Everyday heros

1
My car’s battery had been playing up for several days. It finally went down in a glory of auto-start windshield wipers and I had to park the car in the Jail Rd service lane, near Eden Centre. The next day, I went over to the electrician who I’d been promised would be my messiah. But my description of the symptoms didn’t convince him that the fault was electrical. He asked me to somehow get the car to his garage, located on “LOS beach” as he fondly calls the strip of workshops and houses that line the open sewer running from LOS stop to Multan Rd. Walking back in the shadow of Saruman’s interminable flyovers on Ferozepur Rd, I realised that I’d have to have the car towed or pushed. Near Tollington market, a ricksha-vallah skeptically took on my commission. Young man, nimble mind, a little prone to judge I felt – but I was too occupied with rescuing my car. It took us maybe 15 minutes of pushing – initially on foot to position the car in front of the ricksha and then with the ricksha-vallah in his ricksha, his foot applied to the car’s rear bumper, me, steering the car – to get to LOS stop. At this point, he asked me to arrange a tow-rope as the leg he was pushing the car with had started to ache badly. I found myself in front of the strange “USA tools” shop right at the LOS traffic signal, surely the only open tools shop within walking distance on that cold, hazy Sunday afternoon. The first tow-cable they gave me turned out to be faulty. The replacement was solid. Another 5m to set up the ricksha to tow the car, which involved pushing the car across Ferozepur Rd on foot and into the entrance of the road next to the LOS sewer. Then another 10m to tow the car to the garage. The ricksha-valla helped me get the car into the right position in front of the garage doors so that it could be pushed inside easily, checked if I was satisfied and turned to leave. I thought he’d just forgotten. But he’d made up his mind. No question of payment. He was content, smiling. Me, he left re-inspired, rejuvenated even.

2
jurrat-e-kufr: the brainy-as-hell, total geek from a “maarra” background who has no inhibitions telling off any colleague – whether peer or company director – who talks down to him, gives him attitude or back-bites about him. Thin as a reed, liable, it seems, to be blown away by the next strong gust of wind, but true to himself.

3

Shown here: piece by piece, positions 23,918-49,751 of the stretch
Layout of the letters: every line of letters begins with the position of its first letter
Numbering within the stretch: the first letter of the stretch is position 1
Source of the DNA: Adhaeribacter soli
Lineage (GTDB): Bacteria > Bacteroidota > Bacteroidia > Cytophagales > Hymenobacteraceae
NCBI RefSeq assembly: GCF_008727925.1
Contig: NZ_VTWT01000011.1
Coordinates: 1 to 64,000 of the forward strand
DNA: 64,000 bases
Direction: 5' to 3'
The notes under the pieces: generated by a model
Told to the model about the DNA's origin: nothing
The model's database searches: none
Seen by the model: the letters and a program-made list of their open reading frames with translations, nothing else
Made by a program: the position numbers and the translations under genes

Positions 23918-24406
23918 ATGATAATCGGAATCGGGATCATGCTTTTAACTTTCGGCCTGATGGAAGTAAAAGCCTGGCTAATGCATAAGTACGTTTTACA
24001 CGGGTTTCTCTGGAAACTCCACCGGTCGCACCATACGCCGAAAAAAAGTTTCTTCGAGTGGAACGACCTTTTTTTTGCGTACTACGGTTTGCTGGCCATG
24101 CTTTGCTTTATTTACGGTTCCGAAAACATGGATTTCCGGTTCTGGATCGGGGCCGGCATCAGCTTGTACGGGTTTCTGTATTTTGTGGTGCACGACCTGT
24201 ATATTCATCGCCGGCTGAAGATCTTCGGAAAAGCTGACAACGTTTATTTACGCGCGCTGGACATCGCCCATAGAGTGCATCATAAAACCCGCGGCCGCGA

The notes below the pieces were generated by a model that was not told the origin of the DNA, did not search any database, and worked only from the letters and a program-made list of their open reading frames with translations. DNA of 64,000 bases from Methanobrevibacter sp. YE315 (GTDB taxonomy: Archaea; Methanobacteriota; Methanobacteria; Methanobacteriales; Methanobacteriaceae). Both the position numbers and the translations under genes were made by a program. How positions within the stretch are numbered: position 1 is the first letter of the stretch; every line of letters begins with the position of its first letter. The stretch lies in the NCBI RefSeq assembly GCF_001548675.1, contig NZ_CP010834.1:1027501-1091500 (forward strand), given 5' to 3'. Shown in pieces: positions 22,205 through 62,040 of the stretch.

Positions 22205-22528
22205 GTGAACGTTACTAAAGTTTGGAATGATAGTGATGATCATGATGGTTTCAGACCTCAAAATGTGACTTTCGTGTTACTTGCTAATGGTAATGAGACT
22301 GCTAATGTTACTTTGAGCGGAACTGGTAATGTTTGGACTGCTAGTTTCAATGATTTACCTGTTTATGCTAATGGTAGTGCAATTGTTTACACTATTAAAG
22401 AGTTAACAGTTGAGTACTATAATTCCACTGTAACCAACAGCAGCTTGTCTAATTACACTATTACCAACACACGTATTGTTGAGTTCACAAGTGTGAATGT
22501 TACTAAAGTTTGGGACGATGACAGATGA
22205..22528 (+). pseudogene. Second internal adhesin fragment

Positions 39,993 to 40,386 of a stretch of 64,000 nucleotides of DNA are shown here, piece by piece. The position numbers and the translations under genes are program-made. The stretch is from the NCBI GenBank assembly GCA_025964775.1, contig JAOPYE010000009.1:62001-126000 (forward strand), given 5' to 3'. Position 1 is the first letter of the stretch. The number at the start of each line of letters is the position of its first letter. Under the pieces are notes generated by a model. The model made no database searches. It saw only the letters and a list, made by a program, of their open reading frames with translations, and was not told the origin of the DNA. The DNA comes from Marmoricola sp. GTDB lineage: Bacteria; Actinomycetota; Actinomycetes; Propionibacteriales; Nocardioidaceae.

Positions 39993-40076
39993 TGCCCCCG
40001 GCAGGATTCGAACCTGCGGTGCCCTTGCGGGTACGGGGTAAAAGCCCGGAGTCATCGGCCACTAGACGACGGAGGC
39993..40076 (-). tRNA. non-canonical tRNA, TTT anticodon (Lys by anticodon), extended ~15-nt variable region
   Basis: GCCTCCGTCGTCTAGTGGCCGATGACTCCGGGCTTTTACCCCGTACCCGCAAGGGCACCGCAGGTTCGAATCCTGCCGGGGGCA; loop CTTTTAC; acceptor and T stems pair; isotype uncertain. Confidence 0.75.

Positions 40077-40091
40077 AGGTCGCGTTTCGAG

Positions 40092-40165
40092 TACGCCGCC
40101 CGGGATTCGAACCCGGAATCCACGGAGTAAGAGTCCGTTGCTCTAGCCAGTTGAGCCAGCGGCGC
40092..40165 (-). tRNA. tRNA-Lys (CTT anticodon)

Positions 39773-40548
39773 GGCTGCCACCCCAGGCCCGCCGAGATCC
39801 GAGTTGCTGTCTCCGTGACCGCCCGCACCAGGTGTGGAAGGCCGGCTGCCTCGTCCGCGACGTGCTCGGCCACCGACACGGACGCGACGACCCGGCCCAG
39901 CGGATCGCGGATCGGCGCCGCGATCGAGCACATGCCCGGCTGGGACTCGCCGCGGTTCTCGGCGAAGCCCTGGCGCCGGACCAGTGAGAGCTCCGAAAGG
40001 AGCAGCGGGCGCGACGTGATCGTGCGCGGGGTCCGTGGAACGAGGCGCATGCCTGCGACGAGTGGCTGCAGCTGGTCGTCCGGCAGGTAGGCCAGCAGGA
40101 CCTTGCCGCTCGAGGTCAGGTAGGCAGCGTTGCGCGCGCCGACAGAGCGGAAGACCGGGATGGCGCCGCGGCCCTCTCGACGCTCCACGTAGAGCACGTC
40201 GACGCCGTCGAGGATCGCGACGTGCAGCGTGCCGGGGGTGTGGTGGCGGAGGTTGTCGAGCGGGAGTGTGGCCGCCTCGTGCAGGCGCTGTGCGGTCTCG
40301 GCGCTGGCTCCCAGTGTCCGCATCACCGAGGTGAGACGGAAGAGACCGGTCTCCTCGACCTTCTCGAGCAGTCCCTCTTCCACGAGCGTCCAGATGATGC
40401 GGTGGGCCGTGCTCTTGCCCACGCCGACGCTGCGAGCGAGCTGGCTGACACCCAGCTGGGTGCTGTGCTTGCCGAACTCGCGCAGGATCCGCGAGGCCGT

Jigra: This from a friend. He’d gone to donate blood at Ganga Ram, contacted by a stranger who’d found his number on one of the websites that maintain the contact info of blood donors in Lahore. The patient’s attendants, two young men, met him at the emergency entrance, took him down to the blood bank and treated him to juice AND tea at the cafeteria while they waited for his turn to be bled. They hailed from some place near Khanqah Dogran. The younger brother works in a factory near Qainchi that only offers intermittent work, depending on whether they have a shipment to make and whether there’s gas available. At the time, he was unemployed. The younger brother’s friend is a tailor master, specialising in formal suits, lives in Makkah Colony. He gives my friend the low-down on ready-made vs. tailored suits (the latter are not all that much better) and offers to help him get the best quality for the right price at whichever shop in Lahore. Naturally, phone numbers are exchanged and promises to meet at a less stressed-out time are made. The patient’s husband, the elder brother, comes in, thanks my friend profusely and then asks how these blood donation websites work and whether one needed some ID to be listed there. My friend asks him to give his number, name, address and blood group so that he may add him to the sites. His brother and their friend also requested the same service. They had all given blood previously, and sitting there with my friend whom they would never have found if one of their friends had not known about such websites, they realised that they needed to up their game. Spontaneously, without needing to be prompted in the least. This friend describes them as tall, broad-shouldered but thin to the point of seeming under-nourished. Yet spunky, full of beans.

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